Fabian Scherschel's Reviews > Coriolanus

Coriolanus by William Shakespeare
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's review
Dec 18, 2010

liked it
bookshelves: classics, plays, shakespeare
Read from December 18, 2010 to January 05, 2011 — I own a copy

** spoiler alert ** Coriolanus certainly isn't one of Shakespeare's best plays, it is also a pretty unknown one at that. With most playwrites, this would mean the piece is terrible, but we are talking Shakespeare here after all...

The play in question, although classified as a tragedy, deals with the mostly-historical account of Roman general Caius Marcius, who, in the time of the First Republic, conquers the Volscian city of Corioli and comes home as a hero of the people whereupon he gets bestowed with the cognomen that gives the play its title. The play starts out pretty lame and I have to admit it often misses the trademark wit and those divine lines that I so enjoy about Shakespeare. The fact that he desperately tried to be witty with all the character names doesn't help either, in my opinion. The pace picks up once Coriolanus is cast out of Rome and the speech he gives at that occasion is the first highlight of the play. The last act is where the play really gets interesting and this was the first time I really got into it. Especially the last three scenes sees the playwrite in his usual form and the final murder of Marcius does Shakespeare's name fully justice. The biggest problem I have with this plot is that the tragic element just didn't work out for me due to the fact that I just couldn't sympathise with the main character — he mostly comes across as the arrogant ass that his enemies are trying to convince everyone he is, which really is a bit ironic and I doubt that was the intention.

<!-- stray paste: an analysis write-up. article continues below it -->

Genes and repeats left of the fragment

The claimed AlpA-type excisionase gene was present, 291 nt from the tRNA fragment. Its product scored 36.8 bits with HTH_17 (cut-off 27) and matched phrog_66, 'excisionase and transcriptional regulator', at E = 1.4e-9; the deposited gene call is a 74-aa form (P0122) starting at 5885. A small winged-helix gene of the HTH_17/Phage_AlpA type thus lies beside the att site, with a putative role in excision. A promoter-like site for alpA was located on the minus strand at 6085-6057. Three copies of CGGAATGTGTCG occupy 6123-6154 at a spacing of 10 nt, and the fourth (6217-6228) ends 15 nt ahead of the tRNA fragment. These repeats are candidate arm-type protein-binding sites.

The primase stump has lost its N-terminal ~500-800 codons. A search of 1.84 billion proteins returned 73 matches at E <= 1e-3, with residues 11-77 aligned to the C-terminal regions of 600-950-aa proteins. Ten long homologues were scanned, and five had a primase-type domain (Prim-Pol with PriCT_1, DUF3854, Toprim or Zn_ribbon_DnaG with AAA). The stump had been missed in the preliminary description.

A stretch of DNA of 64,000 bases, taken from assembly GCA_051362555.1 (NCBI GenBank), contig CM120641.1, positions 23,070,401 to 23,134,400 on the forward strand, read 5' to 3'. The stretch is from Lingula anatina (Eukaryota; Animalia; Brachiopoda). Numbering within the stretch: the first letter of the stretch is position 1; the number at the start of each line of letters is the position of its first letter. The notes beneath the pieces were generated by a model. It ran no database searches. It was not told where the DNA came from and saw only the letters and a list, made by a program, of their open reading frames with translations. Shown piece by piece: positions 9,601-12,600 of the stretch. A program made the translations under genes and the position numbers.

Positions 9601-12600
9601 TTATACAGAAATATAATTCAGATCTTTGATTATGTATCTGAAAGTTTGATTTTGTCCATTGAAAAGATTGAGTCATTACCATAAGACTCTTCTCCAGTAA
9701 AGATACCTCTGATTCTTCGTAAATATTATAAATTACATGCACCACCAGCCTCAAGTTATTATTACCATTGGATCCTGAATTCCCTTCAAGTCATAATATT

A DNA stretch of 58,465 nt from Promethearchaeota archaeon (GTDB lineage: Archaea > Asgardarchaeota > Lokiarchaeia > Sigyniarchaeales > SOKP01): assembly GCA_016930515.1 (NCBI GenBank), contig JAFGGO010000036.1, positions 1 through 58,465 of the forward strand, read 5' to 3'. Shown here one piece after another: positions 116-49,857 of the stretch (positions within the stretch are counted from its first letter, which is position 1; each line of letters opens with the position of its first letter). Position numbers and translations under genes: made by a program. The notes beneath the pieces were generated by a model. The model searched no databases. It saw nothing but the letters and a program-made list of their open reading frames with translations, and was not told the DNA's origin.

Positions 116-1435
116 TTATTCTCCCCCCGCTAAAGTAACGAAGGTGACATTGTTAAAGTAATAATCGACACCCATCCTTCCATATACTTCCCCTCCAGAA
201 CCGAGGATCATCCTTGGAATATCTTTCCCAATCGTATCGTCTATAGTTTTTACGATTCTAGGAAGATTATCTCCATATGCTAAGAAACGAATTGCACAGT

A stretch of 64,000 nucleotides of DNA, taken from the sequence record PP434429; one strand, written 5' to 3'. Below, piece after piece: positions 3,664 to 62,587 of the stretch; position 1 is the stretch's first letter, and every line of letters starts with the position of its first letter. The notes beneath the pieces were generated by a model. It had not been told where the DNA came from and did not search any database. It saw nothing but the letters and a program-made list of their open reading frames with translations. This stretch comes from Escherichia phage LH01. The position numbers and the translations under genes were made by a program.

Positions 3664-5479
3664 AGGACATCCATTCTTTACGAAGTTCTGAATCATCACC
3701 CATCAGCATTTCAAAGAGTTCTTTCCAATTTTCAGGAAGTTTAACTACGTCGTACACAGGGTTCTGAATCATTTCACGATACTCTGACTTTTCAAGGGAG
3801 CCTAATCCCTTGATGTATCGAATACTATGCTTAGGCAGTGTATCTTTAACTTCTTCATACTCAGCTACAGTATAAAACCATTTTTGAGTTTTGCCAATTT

All in all, still an interesting read, especially if you are into Ancient Rome or just want to read everything the man has ever written. I just wouldn't at all recommend it if you are just getting into Shakespeare. You would be much better served by Richard III, Macbeth, one of the Henries or even Hamlet.

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